Martin Mayhew says they've kept on eye on Michigan's Denard Robinson

Posted Apr 18, 2013

During his pre-draft press conference on Thursday, Mayhew said they've been tracking Robinson's development since the Senior Bowl and plan to get one more look before next Thursday

Denard Robinson caught the eye of a lot of people with the magical blend of skill and enthusiasm he displayed as one of the most exciting football players in the history of the University of Michigan.

The Lions are among those who were impressed by Robinson, and they plan to get another look at him before the first round of the NFL draft begins next Thursday night.

General Manager Martin Mayhew has spoken positively about Robinson throughout the pre-draft scouting process, and Mayhew said Thursday that the Lions have planned to see Robinson work out.

Robinson is making a major position shift from college. He was a three-year starter at quarterback. He made one start at running back in 2012 – against Iowa, after an elbow injury forced him to miss two games. Devin Gardner took over at quarterback.

The Lions scouted Robinson at Michigan, and they got an up-close look at him at the Senior Bowl in January.

Coach Jim Schwartz and his staff coached the South team. Robinson played for the North team. He was used exclusively as a receiver on offense and also returned punts and kickoffs. He looked raw and uncertain in both spots but apparently has improved of late.

“We’ve been tracking him and his development since going back to January in the Senior Bowl,” Mayhew said. “He’s still working hard. He’s improving. He‘s doing a better job of catching punts.”

It was clear from the beginning of his position switch that Robinson needed work catching the ball as a receiver or as a runner out of the backfield, and on returns.

“He’s moving along, going in the right direction as far as developing his skills to be a returner,” Mayhew said. “He’s also got some ability to play running back. We went back and watched him play running back the last few games.

“He’s sort of got a lot of those slash qualities as a slot receiver and a halfback.”

Most draft guides have Robinson listed as a wide receiver, and in a range where he would be drafted from the bottom of the fourth round through the sixth.

His natural ability, toughness and character are unquestioned. The issue for Robinson in moving to the NFL is whether he has the defined skills to play a position.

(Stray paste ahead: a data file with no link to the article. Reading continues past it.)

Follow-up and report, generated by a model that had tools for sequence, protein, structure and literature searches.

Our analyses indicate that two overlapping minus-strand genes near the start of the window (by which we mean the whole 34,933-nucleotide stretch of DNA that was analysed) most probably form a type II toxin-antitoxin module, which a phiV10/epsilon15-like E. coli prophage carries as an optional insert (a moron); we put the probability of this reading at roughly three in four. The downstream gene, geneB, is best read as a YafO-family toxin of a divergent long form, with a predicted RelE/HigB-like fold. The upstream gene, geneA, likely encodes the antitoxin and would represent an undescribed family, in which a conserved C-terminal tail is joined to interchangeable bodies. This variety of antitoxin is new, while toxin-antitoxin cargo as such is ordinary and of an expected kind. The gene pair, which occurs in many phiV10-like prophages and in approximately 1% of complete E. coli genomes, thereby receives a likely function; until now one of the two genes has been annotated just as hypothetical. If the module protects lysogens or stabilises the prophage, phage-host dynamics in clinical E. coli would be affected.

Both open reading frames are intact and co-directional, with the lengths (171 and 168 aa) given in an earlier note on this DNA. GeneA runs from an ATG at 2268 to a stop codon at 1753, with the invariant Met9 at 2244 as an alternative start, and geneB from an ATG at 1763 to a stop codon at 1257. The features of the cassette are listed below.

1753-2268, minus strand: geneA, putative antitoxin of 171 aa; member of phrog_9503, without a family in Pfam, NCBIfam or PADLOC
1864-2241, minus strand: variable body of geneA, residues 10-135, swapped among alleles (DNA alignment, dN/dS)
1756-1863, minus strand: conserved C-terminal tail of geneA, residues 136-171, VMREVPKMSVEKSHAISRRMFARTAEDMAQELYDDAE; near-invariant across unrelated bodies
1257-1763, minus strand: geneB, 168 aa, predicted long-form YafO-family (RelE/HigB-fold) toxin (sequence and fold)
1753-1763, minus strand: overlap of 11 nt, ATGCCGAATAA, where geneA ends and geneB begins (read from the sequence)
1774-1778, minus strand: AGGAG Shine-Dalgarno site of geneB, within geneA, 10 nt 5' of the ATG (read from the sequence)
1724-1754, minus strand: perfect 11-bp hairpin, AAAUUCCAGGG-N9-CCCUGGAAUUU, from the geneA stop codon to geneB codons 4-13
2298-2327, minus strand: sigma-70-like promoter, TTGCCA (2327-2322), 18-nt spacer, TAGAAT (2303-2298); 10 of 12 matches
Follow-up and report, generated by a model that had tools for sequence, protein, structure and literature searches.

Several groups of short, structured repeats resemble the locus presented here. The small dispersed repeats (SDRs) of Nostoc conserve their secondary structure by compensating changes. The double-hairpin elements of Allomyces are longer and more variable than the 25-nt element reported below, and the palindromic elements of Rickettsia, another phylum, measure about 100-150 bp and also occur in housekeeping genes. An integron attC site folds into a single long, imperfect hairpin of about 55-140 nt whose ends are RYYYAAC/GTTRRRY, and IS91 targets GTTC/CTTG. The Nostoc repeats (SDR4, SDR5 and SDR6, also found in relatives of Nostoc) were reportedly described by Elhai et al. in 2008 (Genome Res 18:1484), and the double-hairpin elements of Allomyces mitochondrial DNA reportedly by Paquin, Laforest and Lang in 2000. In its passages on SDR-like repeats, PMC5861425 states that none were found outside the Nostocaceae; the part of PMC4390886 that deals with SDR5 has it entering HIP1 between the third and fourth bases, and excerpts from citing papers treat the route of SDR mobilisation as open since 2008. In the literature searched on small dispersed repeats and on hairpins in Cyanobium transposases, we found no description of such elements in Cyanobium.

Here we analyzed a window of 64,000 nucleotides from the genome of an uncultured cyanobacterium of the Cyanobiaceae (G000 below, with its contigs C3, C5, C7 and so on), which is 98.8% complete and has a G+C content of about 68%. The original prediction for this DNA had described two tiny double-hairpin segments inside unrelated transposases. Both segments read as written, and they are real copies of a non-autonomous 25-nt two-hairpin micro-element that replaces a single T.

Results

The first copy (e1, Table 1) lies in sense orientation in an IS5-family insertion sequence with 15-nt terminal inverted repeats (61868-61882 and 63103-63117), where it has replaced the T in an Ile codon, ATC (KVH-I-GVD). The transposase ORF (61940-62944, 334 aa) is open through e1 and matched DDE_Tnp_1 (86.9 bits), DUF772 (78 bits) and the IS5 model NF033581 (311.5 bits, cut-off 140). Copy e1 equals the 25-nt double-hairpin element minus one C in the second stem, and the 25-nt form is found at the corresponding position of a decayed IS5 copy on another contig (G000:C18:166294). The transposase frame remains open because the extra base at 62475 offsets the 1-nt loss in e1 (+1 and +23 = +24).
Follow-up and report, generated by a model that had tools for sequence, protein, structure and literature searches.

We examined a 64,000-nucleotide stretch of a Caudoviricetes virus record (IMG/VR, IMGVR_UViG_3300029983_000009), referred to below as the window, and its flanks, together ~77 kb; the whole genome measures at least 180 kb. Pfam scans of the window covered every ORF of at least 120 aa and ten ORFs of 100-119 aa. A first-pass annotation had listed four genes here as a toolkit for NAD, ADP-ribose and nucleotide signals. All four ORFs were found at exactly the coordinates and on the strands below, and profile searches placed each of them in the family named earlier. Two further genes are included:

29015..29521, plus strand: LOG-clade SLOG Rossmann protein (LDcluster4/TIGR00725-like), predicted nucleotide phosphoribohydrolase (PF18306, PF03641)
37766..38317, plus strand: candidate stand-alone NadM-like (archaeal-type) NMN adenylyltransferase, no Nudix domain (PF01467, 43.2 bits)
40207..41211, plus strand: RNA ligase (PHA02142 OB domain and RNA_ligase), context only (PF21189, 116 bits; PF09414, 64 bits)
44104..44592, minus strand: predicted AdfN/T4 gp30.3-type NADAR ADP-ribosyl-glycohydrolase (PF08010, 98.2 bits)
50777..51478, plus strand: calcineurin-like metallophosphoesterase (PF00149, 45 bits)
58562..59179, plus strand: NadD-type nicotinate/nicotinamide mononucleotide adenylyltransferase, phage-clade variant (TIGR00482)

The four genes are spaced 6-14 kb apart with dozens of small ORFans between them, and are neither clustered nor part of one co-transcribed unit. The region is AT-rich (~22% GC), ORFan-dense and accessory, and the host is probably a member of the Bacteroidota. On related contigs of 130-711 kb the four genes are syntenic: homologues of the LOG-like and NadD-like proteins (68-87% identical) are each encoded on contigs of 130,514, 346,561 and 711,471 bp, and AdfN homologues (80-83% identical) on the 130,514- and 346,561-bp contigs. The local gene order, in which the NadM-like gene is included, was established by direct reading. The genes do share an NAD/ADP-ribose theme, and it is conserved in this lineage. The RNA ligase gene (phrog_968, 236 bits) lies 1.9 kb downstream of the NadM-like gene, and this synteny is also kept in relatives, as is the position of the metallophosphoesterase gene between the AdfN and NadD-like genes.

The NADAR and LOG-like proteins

Dee MillinerWR Denard Robinson

Mayhew spoke specifically about Robinson’s skill set at the Combine in February, about a month after having watched him at the Senior Bowl.

“He’s the type of player you have to have a plan for,” Mayhew said. “If you take him, you have to know what you’re going to do with him because he can do a lot of different things, but you’ve got to really specify what his role’s going to be on your football team.”

Asked if he viewed Robinson as a receiver, Mayhew said: “I think he’s the ultimate sort of hybrid. Swiss Army type of player.”

Robinson became Michigan’s starting quarterback in 2010 and rocketed into the national spotlight. He became the first player in NCAA history to reach the 2,500-yard mark in passing yards and 1,500 in rushing in the same season.

His rushing total of 1,702 yards in 2010 set the NCAA one-season record for a quarterback. Robinson was voted the Big Ten’s offensive player of the year and finished sixth in the Heisman Trophy voting. His career rushing total of 4,495 yards is the NCAA’s most ever by a quarterback.

In his start at running back in 2012 against Iowa, he responded with 98 yards on 13 attempts, with a long run of 40 yards.

Robinson has been analyzed heavily and in detail, like all prospects. He gets high marks for character.

In his annual draft guide, Pro Football Weekly’s Nolan Nawrocki had these comments about Robinson: “Terrific personal and football character. The type of high-character player you root for.”

Robinson also made a strong impression at the Combine with his response when asked why he has continued to work out in Ann Arbor instead of going to one of the warm-weather pre-draft camps.

“First, I’ve been working with the strength coach the last two years,” he said. “Second, I’ll be the first in my family to graduate from a four-year school. I graduate May 4. I said I was going to stay there and graduate, so that’s what I stuck to.”